Like the chancellor and the Treasury, we are finding it difficult to predict what it will look like beyond the pandemic. How long and how deep will the financial scarring be? We had hoped for a V-shaped recovery, but this is now very unlikely.
What happens next is also difficult to predict. Once we find a way to balance our in-year budgets we will have to set a balanced budget for 2021/22. We would normally do it within the context of a medium-term financial plan but that will very be dependent on what lies beyond the pandemic. Hence the Government’s Spending Review will be vital in giving local government certainty and stability.
So, we focus on the ‘now’ with an eye to the future. For what we do now will determine what we do next and beyond, so we are in the best possible position. We are digging deep into our reserves in the knowledge that resources will have to be put back as we manage financial risks that stem from national issues that have local consequences. At the same time, we are trying to manage a wide range of local issues.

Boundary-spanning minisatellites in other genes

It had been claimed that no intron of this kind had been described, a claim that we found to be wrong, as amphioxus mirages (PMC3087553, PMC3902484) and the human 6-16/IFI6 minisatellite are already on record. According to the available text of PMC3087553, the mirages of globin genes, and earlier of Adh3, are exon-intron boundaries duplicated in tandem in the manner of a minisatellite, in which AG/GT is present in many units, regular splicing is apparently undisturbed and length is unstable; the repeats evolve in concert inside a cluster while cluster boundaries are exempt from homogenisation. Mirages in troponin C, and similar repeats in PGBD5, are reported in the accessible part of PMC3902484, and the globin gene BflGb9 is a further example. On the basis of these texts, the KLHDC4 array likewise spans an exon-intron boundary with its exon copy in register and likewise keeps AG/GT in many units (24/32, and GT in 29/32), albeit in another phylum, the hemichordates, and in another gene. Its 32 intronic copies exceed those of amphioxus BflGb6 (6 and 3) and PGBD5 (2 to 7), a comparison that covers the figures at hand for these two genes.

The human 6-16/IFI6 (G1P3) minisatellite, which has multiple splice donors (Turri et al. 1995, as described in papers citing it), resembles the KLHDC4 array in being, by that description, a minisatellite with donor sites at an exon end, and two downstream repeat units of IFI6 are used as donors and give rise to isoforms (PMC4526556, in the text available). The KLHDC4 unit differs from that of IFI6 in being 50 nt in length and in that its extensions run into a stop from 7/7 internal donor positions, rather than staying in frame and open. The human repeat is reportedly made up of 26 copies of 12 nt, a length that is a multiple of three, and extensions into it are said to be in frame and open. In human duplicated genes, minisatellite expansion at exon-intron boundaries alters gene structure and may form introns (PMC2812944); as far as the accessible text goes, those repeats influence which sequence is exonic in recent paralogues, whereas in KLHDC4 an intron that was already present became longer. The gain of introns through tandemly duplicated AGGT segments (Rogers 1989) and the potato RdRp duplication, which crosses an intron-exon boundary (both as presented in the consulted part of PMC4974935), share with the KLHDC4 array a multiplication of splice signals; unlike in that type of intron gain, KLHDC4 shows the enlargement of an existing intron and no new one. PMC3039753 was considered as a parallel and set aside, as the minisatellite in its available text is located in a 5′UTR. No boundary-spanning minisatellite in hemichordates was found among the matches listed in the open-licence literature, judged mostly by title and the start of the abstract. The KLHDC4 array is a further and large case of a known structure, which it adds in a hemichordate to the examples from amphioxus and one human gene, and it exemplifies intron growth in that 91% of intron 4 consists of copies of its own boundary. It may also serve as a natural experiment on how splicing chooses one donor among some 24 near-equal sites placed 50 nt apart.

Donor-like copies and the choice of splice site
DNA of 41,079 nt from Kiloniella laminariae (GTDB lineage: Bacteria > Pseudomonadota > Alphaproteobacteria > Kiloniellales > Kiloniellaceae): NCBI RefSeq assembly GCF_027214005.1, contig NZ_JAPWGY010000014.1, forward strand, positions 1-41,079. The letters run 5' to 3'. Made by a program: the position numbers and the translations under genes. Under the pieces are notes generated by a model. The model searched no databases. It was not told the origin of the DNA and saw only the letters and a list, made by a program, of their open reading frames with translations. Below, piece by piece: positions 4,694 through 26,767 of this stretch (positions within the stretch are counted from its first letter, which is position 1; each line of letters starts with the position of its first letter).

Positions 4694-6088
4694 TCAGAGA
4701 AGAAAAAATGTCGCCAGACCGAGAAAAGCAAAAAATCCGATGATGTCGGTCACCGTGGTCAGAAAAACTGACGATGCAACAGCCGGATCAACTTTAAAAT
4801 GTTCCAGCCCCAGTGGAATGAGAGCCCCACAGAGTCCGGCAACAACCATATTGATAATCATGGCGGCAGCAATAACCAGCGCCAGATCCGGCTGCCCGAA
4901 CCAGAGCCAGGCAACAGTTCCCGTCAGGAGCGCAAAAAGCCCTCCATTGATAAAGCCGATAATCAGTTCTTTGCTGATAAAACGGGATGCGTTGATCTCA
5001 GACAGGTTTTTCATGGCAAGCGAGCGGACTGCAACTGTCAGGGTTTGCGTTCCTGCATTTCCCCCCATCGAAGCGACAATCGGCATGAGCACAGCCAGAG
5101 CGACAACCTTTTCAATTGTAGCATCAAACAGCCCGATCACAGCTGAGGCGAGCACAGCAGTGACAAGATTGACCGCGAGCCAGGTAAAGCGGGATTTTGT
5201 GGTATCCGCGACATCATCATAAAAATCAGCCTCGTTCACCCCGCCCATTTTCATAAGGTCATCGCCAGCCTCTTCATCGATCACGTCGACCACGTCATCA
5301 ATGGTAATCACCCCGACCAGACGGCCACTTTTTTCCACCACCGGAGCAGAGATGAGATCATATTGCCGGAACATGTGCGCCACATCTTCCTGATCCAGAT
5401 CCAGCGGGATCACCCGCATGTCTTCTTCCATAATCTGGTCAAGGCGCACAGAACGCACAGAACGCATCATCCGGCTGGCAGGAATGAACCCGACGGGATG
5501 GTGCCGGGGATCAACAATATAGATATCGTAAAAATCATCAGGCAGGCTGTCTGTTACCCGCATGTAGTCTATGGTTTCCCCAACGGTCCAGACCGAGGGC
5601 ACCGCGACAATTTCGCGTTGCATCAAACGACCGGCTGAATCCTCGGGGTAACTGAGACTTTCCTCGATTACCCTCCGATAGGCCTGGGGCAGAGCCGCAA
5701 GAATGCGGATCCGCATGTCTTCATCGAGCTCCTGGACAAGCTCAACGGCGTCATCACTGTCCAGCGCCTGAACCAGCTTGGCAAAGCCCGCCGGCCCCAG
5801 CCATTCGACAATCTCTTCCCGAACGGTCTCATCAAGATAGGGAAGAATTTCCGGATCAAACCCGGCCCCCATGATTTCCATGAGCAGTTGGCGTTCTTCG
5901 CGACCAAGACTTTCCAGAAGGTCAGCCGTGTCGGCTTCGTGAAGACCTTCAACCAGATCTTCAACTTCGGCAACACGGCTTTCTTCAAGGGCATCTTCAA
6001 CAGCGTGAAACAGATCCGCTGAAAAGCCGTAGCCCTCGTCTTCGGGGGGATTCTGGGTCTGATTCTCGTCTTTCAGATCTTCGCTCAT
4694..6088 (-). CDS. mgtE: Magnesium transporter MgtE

We need as much flexibility as possible to make best use of resources for our residents and businesses. Councils are prevented from focusing on key priorities due to ringfences or restrictions on things like the housing revenue account, car parking charges, fixed penalty notices, environmental fees, dedicated school grants, Right to Buy capital receipts and the apprenticeship levy. As a result, residents and businesses may go without vital support, which, if it was allowed, could avoid long-term problems.
If Government would ease these restrictions temporarily local authorities could be more agile in addressing local needs now and in future. To quote the Prime Minister, a stitch in time saves nine.
Tony Kirkham is director of resources at Newcastle City Council